- 30g of vegetable shortening or lard
- 60g of grated tasty cheese
- 2-3 tbsp cold water
This pastry is not as rich but is fabulous for turnovers. Make as for shortcrust but stir or mix in cheese before the water is added.
To make the turnovers, roll the pastry out, cut round a saucer to make disks, the above will make 8, place cold filling on one side of the round, brush edges with water and fold over in half. Press the edges lightly with a fork to seal them. Place the little parcels on a lined baking sheet, egg wash and sprinkle with sesame, fennel, cumin seeds if you like, and cook in a preheated oven at 200 c for about 20 mins. Serve warm for lunch with a salad, as supper, cold in lunch boxes………Make smaller ones for nibbles.
I have made individual turnovers filled with pretty much everything from spicy pork mince, left over spag bol, spinach and ricotta, potato and sour cream to apple and blackberry – yes it works-. Just go for it as long as the filling is pre-cooked, is not sloppy or hot. USE YOUR LEFTOVERS. I will stop now, as I can feel a long list of tart fillings queuing to be heard.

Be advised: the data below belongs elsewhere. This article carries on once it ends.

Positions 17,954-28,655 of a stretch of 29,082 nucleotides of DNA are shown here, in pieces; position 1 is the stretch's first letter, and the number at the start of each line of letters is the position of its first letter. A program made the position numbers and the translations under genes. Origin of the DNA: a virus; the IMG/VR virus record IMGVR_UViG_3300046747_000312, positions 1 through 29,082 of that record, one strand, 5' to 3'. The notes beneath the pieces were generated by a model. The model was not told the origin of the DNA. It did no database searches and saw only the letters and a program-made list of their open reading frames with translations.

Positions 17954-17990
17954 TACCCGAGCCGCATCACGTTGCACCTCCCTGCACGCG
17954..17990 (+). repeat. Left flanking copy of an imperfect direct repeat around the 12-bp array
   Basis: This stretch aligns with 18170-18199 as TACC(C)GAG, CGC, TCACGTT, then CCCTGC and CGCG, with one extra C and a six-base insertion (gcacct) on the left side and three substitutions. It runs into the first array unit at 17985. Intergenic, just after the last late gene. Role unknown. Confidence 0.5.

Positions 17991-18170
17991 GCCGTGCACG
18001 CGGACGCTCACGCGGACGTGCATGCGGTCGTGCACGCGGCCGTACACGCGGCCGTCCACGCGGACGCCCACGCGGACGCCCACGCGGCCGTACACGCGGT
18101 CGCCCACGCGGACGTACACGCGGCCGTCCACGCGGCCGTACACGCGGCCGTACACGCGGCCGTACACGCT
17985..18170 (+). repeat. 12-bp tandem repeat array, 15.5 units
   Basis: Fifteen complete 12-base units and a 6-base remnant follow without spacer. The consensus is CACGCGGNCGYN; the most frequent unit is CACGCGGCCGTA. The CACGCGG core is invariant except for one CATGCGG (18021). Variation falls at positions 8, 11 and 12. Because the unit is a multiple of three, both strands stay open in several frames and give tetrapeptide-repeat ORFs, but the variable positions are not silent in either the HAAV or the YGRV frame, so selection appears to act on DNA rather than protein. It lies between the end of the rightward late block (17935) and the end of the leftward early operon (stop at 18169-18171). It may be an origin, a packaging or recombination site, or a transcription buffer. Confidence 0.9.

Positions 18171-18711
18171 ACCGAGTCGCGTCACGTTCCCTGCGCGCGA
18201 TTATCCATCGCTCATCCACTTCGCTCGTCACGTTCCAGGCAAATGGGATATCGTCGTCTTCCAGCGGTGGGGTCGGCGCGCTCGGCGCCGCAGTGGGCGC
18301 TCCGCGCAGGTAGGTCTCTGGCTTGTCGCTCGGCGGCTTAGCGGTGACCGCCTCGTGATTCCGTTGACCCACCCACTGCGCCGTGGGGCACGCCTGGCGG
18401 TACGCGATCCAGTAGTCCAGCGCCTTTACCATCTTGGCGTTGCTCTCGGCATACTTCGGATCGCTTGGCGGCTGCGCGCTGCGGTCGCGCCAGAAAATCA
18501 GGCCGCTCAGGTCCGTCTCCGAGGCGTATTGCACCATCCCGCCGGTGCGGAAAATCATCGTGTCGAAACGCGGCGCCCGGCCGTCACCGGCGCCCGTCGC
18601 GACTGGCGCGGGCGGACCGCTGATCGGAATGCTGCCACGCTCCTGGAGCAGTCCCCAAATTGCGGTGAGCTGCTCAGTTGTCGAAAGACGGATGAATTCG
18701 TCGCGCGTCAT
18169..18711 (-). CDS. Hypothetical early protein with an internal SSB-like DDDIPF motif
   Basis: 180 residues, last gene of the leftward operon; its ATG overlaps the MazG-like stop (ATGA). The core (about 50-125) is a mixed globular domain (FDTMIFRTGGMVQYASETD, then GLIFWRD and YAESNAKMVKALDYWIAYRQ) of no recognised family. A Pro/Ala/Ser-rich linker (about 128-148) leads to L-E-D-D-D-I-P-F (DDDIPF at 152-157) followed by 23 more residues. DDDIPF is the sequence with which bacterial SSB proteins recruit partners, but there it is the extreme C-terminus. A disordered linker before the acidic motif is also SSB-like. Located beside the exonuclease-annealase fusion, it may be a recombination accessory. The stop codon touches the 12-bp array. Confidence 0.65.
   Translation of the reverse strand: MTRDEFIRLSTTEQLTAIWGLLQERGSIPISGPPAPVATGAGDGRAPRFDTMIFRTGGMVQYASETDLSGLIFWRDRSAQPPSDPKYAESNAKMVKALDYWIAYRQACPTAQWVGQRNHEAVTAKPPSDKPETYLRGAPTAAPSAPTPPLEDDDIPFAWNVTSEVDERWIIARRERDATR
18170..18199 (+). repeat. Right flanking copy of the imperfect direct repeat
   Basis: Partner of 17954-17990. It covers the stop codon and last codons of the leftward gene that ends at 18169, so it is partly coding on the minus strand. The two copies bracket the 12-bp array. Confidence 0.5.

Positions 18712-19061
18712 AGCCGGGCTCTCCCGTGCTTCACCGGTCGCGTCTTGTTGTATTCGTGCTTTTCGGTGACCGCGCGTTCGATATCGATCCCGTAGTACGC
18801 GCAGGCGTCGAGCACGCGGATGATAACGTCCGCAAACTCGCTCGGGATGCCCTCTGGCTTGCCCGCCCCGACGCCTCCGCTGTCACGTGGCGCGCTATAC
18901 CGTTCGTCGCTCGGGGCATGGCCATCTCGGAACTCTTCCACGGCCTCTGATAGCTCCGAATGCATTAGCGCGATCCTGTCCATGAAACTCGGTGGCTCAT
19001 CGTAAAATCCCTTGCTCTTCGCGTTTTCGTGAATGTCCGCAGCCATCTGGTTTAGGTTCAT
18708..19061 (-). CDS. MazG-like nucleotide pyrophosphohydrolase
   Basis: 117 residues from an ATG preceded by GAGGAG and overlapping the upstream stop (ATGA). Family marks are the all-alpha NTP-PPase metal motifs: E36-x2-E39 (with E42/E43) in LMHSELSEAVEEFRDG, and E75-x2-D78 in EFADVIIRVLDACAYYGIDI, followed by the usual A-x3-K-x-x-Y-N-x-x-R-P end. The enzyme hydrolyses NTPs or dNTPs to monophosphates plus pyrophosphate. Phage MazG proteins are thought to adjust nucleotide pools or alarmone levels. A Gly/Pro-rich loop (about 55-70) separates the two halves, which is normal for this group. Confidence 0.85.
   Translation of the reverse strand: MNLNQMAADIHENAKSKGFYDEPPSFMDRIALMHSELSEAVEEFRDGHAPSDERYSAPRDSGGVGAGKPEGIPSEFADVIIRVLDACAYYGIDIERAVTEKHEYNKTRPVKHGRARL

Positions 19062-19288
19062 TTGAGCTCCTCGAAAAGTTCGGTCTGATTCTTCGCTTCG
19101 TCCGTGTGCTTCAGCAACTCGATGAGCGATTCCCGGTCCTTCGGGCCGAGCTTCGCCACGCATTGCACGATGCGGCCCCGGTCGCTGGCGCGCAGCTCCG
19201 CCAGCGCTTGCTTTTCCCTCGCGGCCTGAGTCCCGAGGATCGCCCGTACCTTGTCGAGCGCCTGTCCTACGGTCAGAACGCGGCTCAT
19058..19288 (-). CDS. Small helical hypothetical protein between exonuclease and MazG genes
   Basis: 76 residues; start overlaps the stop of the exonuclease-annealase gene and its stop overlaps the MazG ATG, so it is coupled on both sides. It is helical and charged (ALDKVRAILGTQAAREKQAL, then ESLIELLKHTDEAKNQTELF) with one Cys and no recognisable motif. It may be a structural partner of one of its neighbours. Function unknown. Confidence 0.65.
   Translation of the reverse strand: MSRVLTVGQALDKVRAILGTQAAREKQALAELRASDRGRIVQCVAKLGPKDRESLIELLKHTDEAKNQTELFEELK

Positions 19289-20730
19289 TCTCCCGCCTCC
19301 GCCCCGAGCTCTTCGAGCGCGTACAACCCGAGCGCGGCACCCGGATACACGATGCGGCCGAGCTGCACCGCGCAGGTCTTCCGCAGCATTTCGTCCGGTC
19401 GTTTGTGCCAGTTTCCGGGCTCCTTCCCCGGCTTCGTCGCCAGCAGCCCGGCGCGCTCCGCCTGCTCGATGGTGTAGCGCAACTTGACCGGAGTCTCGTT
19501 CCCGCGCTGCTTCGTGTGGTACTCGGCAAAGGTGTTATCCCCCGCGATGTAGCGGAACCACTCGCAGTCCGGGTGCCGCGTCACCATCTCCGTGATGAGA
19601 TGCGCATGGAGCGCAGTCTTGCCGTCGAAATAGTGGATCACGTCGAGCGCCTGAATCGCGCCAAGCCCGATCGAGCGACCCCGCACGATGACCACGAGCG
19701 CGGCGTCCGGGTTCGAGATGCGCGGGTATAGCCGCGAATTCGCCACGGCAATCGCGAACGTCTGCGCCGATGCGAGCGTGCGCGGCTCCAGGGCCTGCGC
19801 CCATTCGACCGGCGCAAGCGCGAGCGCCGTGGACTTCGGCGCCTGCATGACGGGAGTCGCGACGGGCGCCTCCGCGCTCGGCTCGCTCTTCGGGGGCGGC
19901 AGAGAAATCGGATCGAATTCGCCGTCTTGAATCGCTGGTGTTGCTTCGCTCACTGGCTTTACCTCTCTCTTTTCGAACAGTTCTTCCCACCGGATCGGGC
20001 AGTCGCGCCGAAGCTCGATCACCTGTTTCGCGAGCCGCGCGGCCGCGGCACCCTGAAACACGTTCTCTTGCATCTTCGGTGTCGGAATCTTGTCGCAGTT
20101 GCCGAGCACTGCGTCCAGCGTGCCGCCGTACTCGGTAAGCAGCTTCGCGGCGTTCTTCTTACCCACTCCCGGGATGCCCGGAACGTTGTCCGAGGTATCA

Everything is better wrapped in pastry.
2 thoughts on “The Red Folder”
Very good. Like you, I watched my mum make countless tarts and pies when I was growing up. She taught me well, as I apparently have done with you! Although I can see you have progressed far and beyond those culinary beginnings in our kitchen.
I hope you have inspired folk to have a go if they haven’t already. I am still using my dried pulses for blind baking – yes, the ones I had when you were a kid. Kept in an airtight jar, they just last for ever. I have made pastry in my Kenwood Chef for years. Crumble for fruit dessert is the same mixture only with caster sugar added – and it must be butter, every time.
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That’s awesome mum, funny most people can not be bothered, but it is so easy. How do you make it in the Kenwood??